Introduction There are clear conceptions in the literature and practice on what traits and behaviours a "good" or “effective” outdoor leader should display (Martin, Cashel, Wagstaff, & Breunig, 2006; Priest & Gass, 2005; Shooter, Sibthorp, & Paisley, 2009). The most prominent compilation of these requirements form the brick wall model by Priest and Gass (1997; 2005) who introduced the terms hard, soft, and meta skills. This model and terminology has been widely in use since then. For a variety of reasons (e.g. the sources on which it is based, and the gender bias in the terminology), its contemporary relevance is questionable. Review of literature There is a vast amount of literature investigating a range of aspects around outdoor leadership. Some authors such as Hobbs and Ewert (2008) present valid alternatives to the brick wall model. A scoping literature search was conducted in order to reveal which alternative terminology – avoiding the hard, soft, meta skill narrative – is used in the wider academic discussion for person-related factors in educators that are shown to promote personal and social competence in the learners (e.g., program participants, students, etc.). Across a range of disciplines, the factors most frequently reported on were personality, leadership, and emotional intelligence (EI). Other factors such as values and decision-making mechanisms were reported on less frequently (e.g., compare Martin et al. 2006; Priest & Gass, 2005). Hobbs and Ewert (2008) raised the point that crucial terms such as "effectiveness" are difficult to define, are certainly not defined alike across all studies, and risk excluding legitimate parts of the field. So for feasibility reasons, and in response to a growing call for more rigour in outdoor adventure education (OAE) research (Baldwin, Persing, & Magnuson, 2004; Ewert & Sibthorp, 2014; Scrutton & Beames, 2015), this project narrows the focus in order to achieve more depth. The core research question then for the present study was to establish conceptual and statistical relationships between personality, leadership, and emotional intelligence in the context of outdoor education. Method The project comprised several elements, one of which is the systematic literature review presented here. All combinations of leadership, personality, and emotional intelligence were used as search terms in the online depositories of the following international journals in OAE: • Journal of Experiential Education • Journal of Adventure Education and Outdoor Learning • Australian Journal of Outdoor Education • New Zealand Journal of Outdoor Education • Journal of Outdoor Recreation, Education, and Leadership. The search terms were also entered in data-bases such as ERIC, APA PsycNet, SAGE Backfile, and Taylor & Francis online, where they produced thousands of ‘hits’. Considering the limited resources available for this project, these were not automatically included in the systematic review. Instead, the systematic method was complimented by a traditional review of academic literature within and outside the field of OAE. General inclusion criterion for the data analysis was a ‘hit’ by the search terms in the journal data base. Exclusion criteria were apparent low academic standard of the source and the authors' judgment that the context of the article was out of date and/or irrelevant to the current intention. Etic (predefined) themes were any connections of the main person-related factors (i.e. search terms) as well as effectiveness in teaching and/or (outdoor) leadership. Emic (emerging) themes were produced by studies' findings of connections between one of the main topics and other aspects of person-related competences or traits, such as decision-making. Results The thousands of results the search terms produced (duplications included), led to over 150 pieces of academic literature being included into the analysis. Several studies report a positive correlation between emotional intelligence and transformational leadership (e.g. Downey, Papageorgiou, & Stough, 2006; Hayashi & Ewert, 2006; Kerr, Garvin, Heaton, & Boyle, 2006; Mandell & Pherwani, 2003; Palmer, Walls, Burgess, & Stough, 2001). However, some authors' findings disagree with this (Føllesdal & Hagtvet, 2013). Studies disagree over which personality factors (neuroticism, extraversion, openness, agreeableness, and consciensciousness) correlate with – mainly transformational – leadership. However, overall, extraversion seems to be positively correlated with transformational leadership (Avolio & Bass, 2004; Bartone, Eid, Johnson, Laberg, & Snook, 2009), and neuroticism negatively. Connections between personality and emotional intelligence are reported with a range of measures for both constructs (e.g. McCrea, 2000; MHS, n.d.). Visuals and further details will be part of the SEER 2016 presentation. Discussion A three dimensional model of reported connections was generated along the three broad axes of leadership, personality, and emotional intelligence. Findings from the systematic search on outdoor educators are highlighted, while literature from other fields of leadership, education, etc. is incorporated to form a wider and more rigorous academic foundation for the model. The synthesis of the findings is mainly qualitative since a wide range of instruments were used in the reviewed papers, and title, description, and factor analyses of scales proved too varied to be accurately quantified. However, statistical data are included where applicable. Also, the literature discusses a range of leadership styles (e.g. transformational, transactional), none of which is universally accepted as the sole 'best' way to lead. This variation has been taken into consideration in the proposed model by presenting conceptual as well as statistical relations where applicable. Currently, situational leadership seems to be favoured, which means a change of style according to a given situational context (Eberly, Johnson, Hernandez, & Avolio, 2013; Hackman & Wageman, 2007). The present model demonstrates the similarities and differences in OAE in comparison with wider educational and leadership research. We argue that this can be used to address research gaps in OAE more specifically, and that the gained insights can be implemented in training facilitators according to the findings, in order to refine their actions and attributes to promote more effective social and personal growth in OAE programme participants. Some aspects of Priest and Gass' (1997) brick wall model are reflected in the data. The combination and connections between specific 'bricks' and elements however are questioned. While it is acknowledged that the current research has a more narrow focus on the personal and social growth of participants than the Priest and Gass' model, common ground is used to suggest appropriate alterations to the model. Limitations There are a number of confounding factors pertinent to the present study. For example, the conception of which behaviours and personality traits constitute 'good' leadership varies between cultures (Ayman & Korabik, 2010; Bartone et al, 2009). Some psychometric measures in the reviewed studies reflect this in their standardisation and item/factor structure (e.g. Edwards, Schyns, Gill, & Higgs, 2012 for the leadership questionnaire MLQ 5X), which weakens the effect of comparing two studies or samples from different cultures. Equally, gender differences are reported in several studies (e.g. Mandell & Pherwani, 2003), that need to be taken into consideration and explored further. Most psychometric measures reported on are not developed for the OAE context, and hence the validity of item structure and standardisation for this target group are questionable. This and further limitations will be presented in more detail. Conclusions There seem to be some clear and predictable relationships between leadership, personality and emotional intelligence in outdoor and other leaders, which we can be employed to train OAE facilitators (and perhaps others) in the most relevant areas. The present study and model are not intended to replace the brick wall model, nor would it be able to. Nevertheless, it is a contribution towards updating our conception of what makes 'good' or 'effective' outdoor leaders in rigorous academic terms (Ewert & Sibthorp, 2014; Scrutton & Beames, 2015). In order to review the robustness of the presented model in the light of the original question, i.e. which of the factors investigated contribute most positively and directly to the social and personal growth in OAE programme participants, a qualitative investigation with case studies from the sample is recommended. Also, further research is needed to determine the impact of cultural and gender variance in outdoor leaders. Funding This research is funded by the European Commission under the Marie-Skłodowska-Curie-Programme, Project Nr. 330385 (COMET). References Avolio, B. J., & Bass, B. (2004). Multifactor Leadership Questionnaire. Manual and sample set. Third ed. Menlo Park, CA: Mind Garden. Ayman, R., & Korabik, K. (2010). Leadership. Why gender and culture matter. American Psychologist, 65(3), 157-170. Baldwin, C., Persing, J., & Magnuson, D. (2004). The role of theory, research, and evaluation in adventure education. Journal of Experiential Education, 26(3), 167-183. Bartone, P. T., Eid, J., Johnson, B. H., Laberg, J. C., & Snook, S. A. (2009). Big five personality factors, hardiness, and social judgment as predictors of leader performance. Leadership & Organization Development Journal, 30(6), 498-521. Downey, L. A., Papageorgiou, V., & Stough, C. (2006). Examining the relationship between leadership, emotional intelligence and intuition in senior female managers. Leadership & Organization Development Journal, 27(4), 250-264. Eberly, M. B., Johnson, M. D., Hernandez, M., & Avolio, B., J. (2013). An integrative process model of leadership. Examining loci, mechanisms, and event cycles. American Psychologist, 68(6), 427-443. Edwards, G., Schyns, B., Gill, R., & Higgs, M. (2012). The MLQ factor structure in a UK context. Leadership & Organization Development Journal, 33(4), 369-382. Ewert, A. W., & Sibthorp, J. (2014). Outdoor Adventure Education. Foundations, Theory, and Research. Champaign, IL: Human Kinetics. Føllesdal, H., & Hagtvet, K. (2013). Does emotional intelligence as ability predict transformational leadership? A multilevel approach. The Leadership Quarterly, 24, 747-762. Hackman, J. R., & Wageman, R. (2007). Asking the right questions about leadership. American Psychologist, 62(1), 43-47. Hayashi, A., & Ewert, A. (2006). Outdoor leaders' emotional intelligence and transformational leadership. Journal of Experiential Education, 28(3), 222-242. Hobbs, W. & Ewert, A. (2008). Having the right stuff: What makes a highly effective outdoor leader? Abstracts from the Coalition for Education in the Outdoors, Ninth Biennial Research Symposium, Martinsville, IN, January 11-13, 30-32. Kerr, R., Garvin, J., Heaton, N. & Boyle, E. (2006). Emotional intelligence and leadership effectiveness. Leadership and Organization Development Journal, 27/4, 265-279. Mandell, B., & Pherwani, S. (2003). Relationship between emotional intelligence and transformational leadership style: A gender comparison. Journal of Business and Psychology, 17(3), 387- 404. Martin, B., Cashel, C., Wagstaff, M., & Breunig, M. (2006). Outdoor Leadership. Theory and Practice. Champaign, IL: Human Kinetics. McCrea, R. R. (2000). Emotional intelligence from the perspective of the Five-Factor Model of personality. In Bar-On, R., & Parker, J. D. A., The Handbook of Emotional Intelligence. Theory, Development, Assessment, and Application at Home, School, and in the Workplace. San Francisco, CA: Jossey-Bass, 263-276. MHS / Multi-Health Systems (no date). EQi 2.0. Manual. Toronto, Ontario: MHS. Online available with a license from MHS. Palmer, B., Walls, M., Burgess, Z. & Stough, C. (2001). Emotional intelligence and effective leadership. Leadership and Organization Development Journal, 22/1, 5-10. Priest, S., & Gass, M. (1997, 2005). Effective leadership in adventure programing (1st ed., and 2nd ed., respectively). Champaign, IL: Human Kinetics. Scrutton, R., & Beames, S. K. (2015). Measuring the unmeasurable: Upholding rigor in quantitative studies of personal and social development in outdoor adventure education. Journal of Experiential Education, 38(1), 1-18. Shooter, W., Sibthorp, J., & Paisley, K. (2009). Outdoor leadership skills: A program perspective. Journal of Experiential Education, 32(1), 1-13.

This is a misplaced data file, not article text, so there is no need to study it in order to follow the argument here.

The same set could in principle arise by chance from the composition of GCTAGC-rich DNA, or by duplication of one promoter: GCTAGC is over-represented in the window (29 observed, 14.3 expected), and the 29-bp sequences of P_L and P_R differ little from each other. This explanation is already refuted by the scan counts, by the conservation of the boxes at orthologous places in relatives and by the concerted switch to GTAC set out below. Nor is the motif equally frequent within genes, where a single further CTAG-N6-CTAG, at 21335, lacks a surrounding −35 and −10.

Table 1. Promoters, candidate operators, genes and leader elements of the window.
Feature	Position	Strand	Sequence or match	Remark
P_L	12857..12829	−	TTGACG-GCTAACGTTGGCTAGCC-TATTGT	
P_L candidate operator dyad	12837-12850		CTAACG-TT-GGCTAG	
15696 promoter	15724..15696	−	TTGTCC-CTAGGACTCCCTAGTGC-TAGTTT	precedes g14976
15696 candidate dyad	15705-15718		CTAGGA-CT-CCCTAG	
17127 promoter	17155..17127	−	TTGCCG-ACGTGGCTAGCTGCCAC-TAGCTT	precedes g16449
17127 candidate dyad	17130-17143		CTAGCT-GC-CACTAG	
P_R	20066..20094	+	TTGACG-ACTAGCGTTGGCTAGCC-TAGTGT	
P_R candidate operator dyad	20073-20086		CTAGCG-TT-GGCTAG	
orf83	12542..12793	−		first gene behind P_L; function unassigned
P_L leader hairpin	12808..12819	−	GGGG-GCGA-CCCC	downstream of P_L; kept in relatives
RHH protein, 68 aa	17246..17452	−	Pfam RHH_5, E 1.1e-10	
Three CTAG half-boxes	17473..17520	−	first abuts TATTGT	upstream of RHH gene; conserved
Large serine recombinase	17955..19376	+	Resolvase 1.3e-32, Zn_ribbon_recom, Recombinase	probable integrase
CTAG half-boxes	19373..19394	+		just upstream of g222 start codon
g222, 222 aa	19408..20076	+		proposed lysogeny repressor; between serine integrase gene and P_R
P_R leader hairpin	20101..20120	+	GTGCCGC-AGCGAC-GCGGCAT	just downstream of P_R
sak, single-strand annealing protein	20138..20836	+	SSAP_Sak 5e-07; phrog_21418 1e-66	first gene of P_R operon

Research areas

  • outdoor education, adventure education, facilitator, emotional intelligence, leadership, personality

Event

2016 Symposium on Experiential Education Research

27/10/1630/10/16

Minneapolis, MN, USA, United States

Event: Conference

ID: 30210234